Syrian regime troops entered the key Syrian city of Manbij, state news agency SANA said on Monday, after Damascus deployed troops to the country’s north to contain a days-long Turkish offensive.
A local official in Manbij, controlled by a military council linked to the Kurdish administration, confirmed that troops had “entered (Manbij) and deployed on frontlines.”
The Syrian army had dispatched a limited number of troops around Manbij last year at the request of Kurdish forces to protect the area from a feared Turkish assault.
But the latest deployment is the most significant by Damascus since it withdrew from the city in Aleppo province in 2012.
It comes as part of a recent deal clinched between the Kurds and Damascus that has seen regime troops deploy in several Kurdish-controlled areas in Syria’s north on Monday to protect the region from Ankara’s assault.
Turkey is in the sixth day of its offensive against Kurdish forces, which it sees as “terrorists” but which were a crucial ally for the United States and western powers against the ISIS.
Ankara’s Syrian proxies massed on the western edges of Manbij on Monday ahead of a planned attack, said an AFP correspondent there.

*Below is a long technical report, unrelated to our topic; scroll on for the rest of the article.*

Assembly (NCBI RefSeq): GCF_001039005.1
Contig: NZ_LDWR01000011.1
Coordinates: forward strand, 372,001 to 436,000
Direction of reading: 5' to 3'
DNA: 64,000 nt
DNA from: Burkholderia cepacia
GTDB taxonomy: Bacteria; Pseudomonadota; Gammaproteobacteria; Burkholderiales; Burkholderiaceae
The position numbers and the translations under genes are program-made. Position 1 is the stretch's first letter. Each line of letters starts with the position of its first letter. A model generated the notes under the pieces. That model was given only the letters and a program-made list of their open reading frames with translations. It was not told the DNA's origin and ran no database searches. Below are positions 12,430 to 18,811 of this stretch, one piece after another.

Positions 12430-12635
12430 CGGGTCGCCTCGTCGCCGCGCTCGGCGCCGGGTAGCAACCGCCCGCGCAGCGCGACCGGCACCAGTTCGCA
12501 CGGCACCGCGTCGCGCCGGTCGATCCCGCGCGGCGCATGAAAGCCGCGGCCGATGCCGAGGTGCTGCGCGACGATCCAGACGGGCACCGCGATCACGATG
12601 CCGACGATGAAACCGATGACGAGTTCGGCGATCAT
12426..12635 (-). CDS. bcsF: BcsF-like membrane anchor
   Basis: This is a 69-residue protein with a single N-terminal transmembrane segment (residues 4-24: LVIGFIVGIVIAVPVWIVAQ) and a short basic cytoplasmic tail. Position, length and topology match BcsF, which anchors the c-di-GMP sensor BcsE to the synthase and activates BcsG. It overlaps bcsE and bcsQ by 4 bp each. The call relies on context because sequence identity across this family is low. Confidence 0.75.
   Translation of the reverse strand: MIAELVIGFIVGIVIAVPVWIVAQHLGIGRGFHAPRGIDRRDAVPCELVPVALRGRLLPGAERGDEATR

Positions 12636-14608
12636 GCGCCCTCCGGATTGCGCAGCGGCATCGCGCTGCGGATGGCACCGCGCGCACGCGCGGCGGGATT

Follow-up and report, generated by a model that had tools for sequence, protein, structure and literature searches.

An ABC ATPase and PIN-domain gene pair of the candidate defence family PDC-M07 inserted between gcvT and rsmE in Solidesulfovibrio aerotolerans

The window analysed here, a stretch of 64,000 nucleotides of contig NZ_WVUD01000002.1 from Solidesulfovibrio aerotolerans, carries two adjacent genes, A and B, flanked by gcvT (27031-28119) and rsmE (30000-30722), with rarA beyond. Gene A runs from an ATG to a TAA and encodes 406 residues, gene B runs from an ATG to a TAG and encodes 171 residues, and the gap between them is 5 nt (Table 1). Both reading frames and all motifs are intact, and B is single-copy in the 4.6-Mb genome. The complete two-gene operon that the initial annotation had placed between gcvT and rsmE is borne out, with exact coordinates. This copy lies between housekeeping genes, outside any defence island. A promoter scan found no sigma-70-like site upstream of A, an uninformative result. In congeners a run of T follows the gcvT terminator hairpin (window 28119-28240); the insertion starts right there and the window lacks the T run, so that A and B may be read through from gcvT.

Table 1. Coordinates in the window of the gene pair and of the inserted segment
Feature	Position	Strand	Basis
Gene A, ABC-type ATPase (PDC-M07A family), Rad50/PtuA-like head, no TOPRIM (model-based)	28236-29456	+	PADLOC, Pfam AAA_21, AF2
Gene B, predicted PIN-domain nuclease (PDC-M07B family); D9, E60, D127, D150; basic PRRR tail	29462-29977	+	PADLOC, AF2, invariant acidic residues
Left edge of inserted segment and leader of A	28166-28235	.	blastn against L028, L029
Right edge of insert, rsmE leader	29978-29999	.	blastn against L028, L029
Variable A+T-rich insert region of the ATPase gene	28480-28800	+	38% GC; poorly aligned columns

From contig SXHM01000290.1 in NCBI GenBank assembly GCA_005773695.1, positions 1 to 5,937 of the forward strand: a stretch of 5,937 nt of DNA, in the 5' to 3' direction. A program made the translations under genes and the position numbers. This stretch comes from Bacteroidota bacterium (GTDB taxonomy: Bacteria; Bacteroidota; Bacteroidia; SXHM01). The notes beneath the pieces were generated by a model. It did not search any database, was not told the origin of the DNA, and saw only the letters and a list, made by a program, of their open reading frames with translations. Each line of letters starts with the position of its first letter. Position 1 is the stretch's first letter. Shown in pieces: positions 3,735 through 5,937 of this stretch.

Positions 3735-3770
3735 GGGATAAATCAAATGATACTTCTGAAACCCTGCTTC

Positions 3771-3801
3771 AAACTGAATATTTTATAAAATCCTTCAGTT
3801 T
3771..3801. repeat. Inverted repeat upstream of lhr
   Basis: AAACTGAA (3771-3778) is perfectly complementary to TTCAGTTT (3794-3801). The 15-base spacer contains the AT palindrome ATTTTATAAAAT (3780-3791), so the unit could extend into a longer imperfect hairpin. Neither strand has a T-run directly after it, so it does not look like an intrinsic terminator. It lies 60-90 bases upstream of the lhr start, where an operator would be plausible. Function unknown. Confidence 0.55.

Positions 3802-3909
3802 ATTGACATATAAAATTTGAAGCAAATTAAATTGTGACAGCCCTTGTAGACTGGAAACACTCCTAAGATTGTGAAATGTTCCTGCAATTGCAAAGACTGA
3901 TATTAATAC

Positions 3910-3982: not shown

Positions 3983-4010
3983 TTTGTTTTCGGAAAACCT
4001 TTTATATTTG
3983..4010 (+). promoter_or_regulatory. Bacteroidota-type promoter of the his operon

Turkish President Recep Tayyip Erdogan has said he expected Kurdish forces to withdraw from the strategic city, located about 30 kilometers (19 miles) south of the Turkish border.
“When Manbij is evacuated, we will not go in there as Turkey. Our Arab brothers, who are the real owners, the tribes… will return there. Our approach is to ensure their return and security there,” he said on Monday.
Manbij is a former ISIS stronghold now held by the Manbij Military Council, linked to Kurdish authorities.
It constitutes a major point of contention between Syria’s Kurdish minority, which maintains de facto autonomy in parts of northern and northeastern Syria, and neighboring Turkey.
Kurdish fighters seized Manbij from ISIS in 2016 but withdrew from the area last year to avert an attack by Ankara.